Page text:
A man needs a job, is what a man needs, his mother would shoot back.

And his father would cry—he’d seen it more than once—cry in frustration as if his soul was being crushed inside him. Never get married, his father had said to him, The worst decision a man can make.

“It’s just broccoli …”

“It’s not just broccoli!”

What else could it be? What else wasn’t he telling her? How about everything? How about he hates how she leaves the bathroom; he hates how she drops clothes all over the house; he hates how she refuses to eat food that’s even one day past its use-by date.

“It’s not going to kill you!”

“It’s out of date!”

“They put that on the label so they can sell more stuff!”

“It’s full of germs!”

What’s a man to do, as his father used to say. Often.

Is this the war between men and women he’d heard so much about? He’d seen it growing up and had wondered why they put up with it. The obvious answer was they couldn’t afford not to, but they were still at it twenty years later, happily unhappy together long after the economic imperative had passed. Was that love, he wondered, and was it to be his fate, too? Trapped with a woman who thought he was a clean freak trying to poison her?

“I love you!” he pleaded.

And he did. The day they were married was literally the happiest day of his life. To imagine that someone as beautiful, loving and caring as she was could agree to share his life was almost miraculous to him. And most of his friends as well. “Must be something wrong with her,” someone joked at his buck’s, and while they’d all laughed he now wondered if there was a truth that he was only now realising. She was mad, and at last it was coming out. Why had she married him? Looking back over the recent past he could see a pattern developing. Hints that he wasn’t earning enough, that he didn’t have enough ambition, that he was putting on weight (he’d checked, and it was true). Not exactly nagging, in fact not nagging at all. Not what you imagine nagging to be; persistent and belittling; no, not nagging. But something. Something was wrong. There was something about him that had started to annoy her, but what?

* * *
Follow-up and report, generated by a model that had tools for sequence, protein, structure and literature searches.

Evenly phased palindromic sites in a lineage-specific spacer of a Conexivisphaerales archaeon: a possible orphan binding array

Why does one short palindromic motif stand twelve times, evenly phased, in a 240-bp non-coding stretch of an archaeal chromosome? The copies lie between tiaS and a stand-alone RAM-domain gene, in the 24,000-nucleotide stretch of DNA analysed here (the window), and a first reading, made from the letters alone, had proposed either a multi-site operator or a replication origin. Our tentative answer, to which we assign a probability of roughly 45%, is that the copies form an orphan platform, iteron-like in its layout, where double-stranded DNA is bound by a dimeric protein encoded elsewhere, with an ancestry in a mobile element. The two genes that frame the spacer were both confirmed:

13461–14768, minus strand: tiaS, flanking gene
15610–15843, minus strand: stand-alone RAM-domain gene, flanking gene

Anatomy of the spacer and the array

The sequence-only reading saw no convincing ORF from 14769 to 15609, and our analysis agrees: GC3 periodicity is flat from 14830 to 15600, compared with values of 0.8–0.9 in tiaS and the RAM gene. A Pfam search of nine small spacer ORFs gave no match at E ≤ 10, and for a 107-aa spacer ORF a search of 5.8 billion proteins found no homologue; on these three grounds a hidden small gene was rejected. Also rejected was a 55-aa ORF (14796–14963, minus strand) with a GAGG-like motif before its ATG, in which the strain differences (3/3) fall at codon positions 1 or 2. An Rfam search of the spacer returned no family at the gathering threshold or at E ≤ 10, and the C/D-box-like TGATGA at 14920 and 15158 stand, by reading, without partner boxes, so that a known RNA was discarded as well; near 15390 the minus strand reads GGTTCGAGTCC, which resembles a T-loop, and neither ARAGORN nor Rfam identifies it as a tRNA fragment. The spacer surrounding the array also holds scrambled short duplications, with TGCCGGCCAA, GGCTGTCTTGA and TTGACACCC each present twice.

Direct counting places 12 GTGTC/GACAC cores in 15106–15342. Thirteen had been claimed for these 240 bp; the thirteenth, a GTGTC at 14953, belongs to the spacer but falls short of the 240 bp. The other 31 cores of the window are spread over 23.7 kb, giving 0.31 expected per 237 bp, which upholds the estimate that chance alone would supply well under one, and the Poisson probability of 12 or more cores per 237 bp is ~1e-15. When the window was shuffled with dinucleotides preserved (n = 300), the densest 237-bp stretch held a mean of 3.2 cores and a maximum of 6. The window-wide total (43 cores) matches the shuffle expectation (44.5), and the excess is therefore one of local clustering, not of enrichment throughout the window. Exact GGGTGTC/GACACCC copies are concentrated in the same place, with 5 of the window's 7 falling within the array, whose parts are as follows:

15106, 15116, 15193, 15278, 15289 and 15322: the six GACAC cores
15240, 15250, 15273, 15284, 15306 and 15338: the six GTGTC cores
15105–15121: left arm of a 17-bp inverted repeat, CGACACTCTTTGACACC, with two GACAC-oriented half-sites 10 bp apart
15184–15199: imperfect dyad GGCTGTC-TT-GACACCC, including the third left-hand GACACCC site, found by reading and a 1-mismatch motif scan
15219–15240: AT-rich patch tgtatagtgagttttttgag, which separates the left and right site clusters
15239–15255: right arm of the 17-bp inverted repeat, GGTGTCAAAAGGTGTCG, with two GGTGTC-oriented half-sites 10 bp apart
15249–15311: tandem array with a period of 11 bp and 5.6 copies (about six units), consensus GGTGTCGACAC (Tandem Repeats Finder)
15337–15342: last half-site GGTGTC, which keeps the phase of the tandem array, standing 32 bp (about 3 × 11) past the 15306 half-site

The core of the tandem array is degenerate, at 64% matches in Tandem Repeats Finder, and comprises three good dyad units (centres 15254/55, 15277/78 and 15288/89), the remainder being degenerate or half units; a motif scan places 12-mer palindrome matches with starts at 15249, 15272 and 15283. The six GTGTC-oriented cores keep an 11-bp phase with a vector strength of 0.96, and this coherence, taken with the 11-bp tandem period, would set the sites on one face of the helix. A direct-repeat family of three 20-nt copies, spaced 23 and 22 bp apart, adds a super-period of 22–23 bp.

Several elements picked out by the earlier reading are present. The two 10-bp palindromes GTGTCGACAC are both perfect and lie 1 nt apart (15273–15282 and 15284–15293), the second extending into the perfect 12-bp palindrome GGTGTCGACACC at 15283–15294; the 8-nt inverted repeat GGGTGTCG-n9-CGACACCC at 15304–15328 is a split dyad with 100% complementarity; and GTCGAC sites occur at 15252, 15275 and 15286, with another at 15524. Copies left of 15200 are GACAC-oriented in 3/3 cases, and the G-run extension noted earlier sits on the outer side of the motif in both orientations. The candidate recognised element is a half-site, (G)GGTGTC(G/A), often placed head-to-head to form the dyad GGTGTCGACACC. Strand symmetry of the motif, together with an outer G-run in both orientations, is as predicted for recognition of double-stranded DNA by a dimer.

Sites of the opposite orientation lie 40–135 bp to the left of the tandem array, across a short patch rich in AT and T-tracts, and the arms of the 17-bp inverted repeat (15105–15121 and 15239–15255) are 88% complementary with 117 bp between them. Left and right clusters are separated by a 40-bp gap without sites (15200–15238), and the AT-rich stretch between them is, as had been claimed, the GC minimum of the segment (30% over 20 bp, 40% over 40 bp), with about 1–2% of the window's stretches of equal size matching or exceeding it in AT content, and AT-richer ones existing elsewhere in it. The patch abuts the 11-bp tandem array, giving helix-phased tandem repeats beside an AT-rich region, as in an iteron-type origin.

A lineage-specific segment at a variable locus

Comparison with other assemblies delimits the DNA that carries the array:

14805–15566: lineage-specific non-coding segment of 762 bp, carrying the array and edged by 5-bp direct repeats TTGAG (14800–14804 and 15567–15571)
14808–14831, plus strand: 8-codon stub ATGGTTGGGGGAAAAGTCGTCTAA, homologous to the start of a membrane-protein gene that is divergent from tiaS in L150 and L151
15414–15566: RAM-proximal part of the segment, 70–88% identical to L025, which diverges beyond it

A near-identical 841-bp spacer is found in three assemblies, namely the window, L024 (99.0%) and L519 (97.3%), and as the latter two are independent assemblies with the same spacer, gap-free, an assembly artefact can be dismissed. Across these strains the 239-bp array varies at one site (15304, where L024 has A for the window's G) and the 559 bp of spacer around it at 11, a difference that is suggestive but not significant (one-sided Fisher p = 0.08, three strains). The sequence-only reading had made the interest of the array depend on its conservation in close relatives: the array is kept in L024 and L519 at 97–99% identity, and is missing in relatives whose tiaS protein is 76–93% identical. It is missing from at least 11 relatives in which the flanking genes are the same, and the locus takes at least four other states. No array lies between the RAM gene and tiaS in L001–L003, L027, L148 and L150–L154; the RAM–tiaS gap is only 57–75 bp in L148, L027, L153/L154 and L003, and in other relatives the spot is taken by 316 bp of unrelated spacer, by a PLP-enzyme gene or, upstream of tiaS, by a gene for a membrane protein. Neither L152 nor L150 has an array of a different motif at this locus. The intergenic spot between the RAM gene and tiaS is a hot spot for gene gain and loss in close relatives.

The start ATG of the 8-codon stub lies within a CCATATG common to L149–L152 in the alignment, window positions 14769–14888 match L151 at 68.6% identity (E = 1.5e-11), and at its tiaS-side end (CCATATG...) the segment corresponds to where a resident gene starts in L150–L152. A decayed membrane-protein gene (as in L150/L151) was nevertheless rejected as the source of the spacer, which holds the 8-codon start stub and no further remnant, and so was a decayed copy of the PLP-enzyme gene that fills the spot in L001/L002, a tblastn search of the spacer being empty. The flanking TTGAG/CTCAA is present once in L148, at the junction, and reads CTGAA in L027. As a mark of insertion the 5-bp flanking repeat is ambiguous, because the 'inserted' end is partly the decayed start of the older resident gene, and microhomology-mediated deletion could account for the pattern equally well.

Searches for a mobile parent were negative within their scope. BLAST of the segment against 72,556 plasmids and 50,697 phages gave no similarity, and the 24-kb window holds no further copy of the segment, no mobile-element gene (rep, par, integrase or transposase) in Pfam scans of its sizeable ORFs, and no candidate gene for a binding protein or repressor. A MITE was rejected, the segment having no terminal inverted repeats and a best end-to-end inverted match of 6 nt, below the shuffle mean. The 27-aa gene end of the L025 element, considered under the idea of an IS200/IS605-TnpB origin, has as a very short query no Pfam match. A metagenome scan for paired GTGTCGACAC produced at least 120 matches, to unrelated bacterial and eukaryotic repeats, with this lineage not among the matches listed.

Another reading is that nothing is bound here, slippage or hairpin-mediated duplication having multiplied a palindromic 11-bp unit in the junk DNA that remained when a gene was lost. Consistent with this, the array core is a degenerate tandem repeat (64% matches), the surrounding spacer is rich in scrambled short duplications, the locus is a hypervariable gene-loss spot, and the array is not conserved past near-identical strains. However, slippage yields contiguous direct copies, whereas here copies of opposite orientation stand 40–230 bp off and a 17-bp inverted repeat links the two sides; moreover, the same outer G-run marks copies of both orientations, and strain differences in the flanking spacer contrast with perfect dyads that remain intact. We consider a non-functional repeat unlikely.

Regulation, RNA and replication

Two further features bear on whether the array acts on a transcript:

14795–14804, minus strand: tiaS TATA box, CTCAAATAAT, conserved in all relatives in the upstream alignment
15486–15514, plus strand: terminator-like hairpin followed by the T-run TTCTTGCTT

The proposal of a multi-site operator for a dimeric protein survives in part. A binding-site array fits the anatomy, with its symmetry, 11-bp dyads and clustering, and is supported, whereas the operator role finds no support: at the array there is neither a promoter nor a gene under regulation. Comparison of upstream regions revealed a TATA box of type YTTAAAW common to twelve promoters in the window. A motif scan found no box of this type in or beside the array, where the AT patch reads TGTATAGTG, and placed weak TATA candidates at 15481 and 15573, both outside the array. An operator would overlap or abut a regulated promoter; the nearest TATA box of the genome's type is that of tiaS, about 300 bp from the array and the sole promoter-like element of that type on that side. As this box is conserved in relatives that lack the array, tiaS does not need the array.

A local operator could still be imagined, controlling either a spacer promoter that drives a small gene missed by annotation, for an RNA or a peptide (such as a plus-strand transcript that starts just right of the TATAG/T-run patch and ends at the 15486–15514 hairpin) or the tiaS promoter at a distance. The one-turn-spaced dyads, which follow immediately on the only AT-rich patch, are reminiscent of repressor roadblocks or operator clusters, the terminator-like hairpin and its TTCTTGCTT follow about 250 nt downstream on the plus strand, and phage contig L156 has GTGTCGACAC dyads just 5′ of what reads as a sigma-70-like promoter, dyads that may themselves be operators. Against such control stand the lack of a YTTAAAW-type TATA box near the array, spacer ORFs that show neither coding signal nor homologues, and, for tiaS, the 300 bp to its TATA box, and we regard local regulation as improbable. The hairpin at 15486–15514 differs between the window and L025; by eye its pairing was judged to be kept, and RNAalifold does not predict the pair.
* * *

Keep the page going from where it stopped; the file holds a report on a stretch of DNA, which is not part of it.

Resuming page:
“Tell me,” she said.

Oh, why, why, why, why, why?

“Tell you what?”

“Tell me what else you’re not telling me.”

Did she think he was having an affair? No, she couldn’t. Who would he have an affair with? He couldn’t think of anything more boring. Was she having an affair? Of course not. She didn’t have the time. They were both busy, she’d just gotten a promotion—was that it? She’d started to hang out with a different crowd. Wasn’t he good enough any more? Not reading the right books on the New York Times best-seller list? He feared that day would come, that she’d realise what a schmuck he was. But why did it have to be today? When he was looking forward to sitting down to watch his favourite Clint Eastwood movie?

“How do I know what I’m not telling you? Nothing bad.

As if he had anything bad to tell anyone. He was just an ordinary guy who liked hanging out. Jeez. And she was just an ordinary gal who liked hanging out with him. Or so he thought. What did they do together? They drank, and camped. Drank while they were camping. Was that a problem? Neither his mother nor father drank, and look at how unhappy they were!

Maybe she wanted a baby. Is that what it was? One of her friends had had a baby recently, and while Beth had made some disparaging remark about dirty nappies, she didn’t seem to be overly interested. But that can be deceptive. What if she did want a baby? What if the thought had crept up on her, or was still burrowing its way through her? There was no reason for her to be ashamed. Lots of women want babies—why not? Not that he was actively interested in becoming a father—God, imagine that. Him. A father. What sort of father would he be? A terrible father, he was sure. Was there any other sort? All fathers are terrible. All fathers are like him. They just want to hang around drinking beer and watching Clint Eastwood movies. Except with the added complication of having kids crawling around their feet while they’re doing it. “Go to the park and play with your kids,” he could already hear her yelling at him, just like he’d heard his mother yelling at his father. It was all so complex. Sport. Pretending you like sport so you can have something to say to your kids. Why can’t they just drink beer? And by the time they’re old enough to drink beer, you’ve got Alzheimers, only adding to the mayhem. Not that his father had Alzheimers, worse luck, because it meant Jackson had to talk to him on those awkward Saturday afternoons when “the girls” retreated to the kitchen leaving “the boys” in the lounge room to stare into space wondering what to say. Until the football starts. Family life really was a chore. Which made him wonder why everyone is so in a hurry to get there? Isn’t your own childhood enough to put you off domestic bliss forever? What was that quote about insanity? Doing the same thing over and over expecting a different result? Like human beings have been doing since Adam and Eve got kicked out of the Garden.

“I can’t stand this,” she said, pushing away from the bench. “You never say anything meaningful; you just go along with whatever I say—”

“I’m trying to be agreeable,” he protested.

“I feel like I don’t know you!” she spat back.

“Because I don’t like broccoli?” he cried. “Can’t you hear how ridiculous that sounds?”

“Don’t you call me ridiculous.”

“I’m not calling you ridiculous.”

“My father used to call my mother ridiculous.”

“I am not calling you ridiculous.”

“That is a filthy, disgusting gaslighting tactic and I refuse to be put down in that way. I am the Fire Warden of my floor.”

Jackson stared at her for a moment. “What?” he asked.

“Do you want a divorce, is that what you’re saying?”

“Beeeeeth, what are you talking about?”

“You want a divorce, don’t you; that’s what this is about.”

“What what’s about?”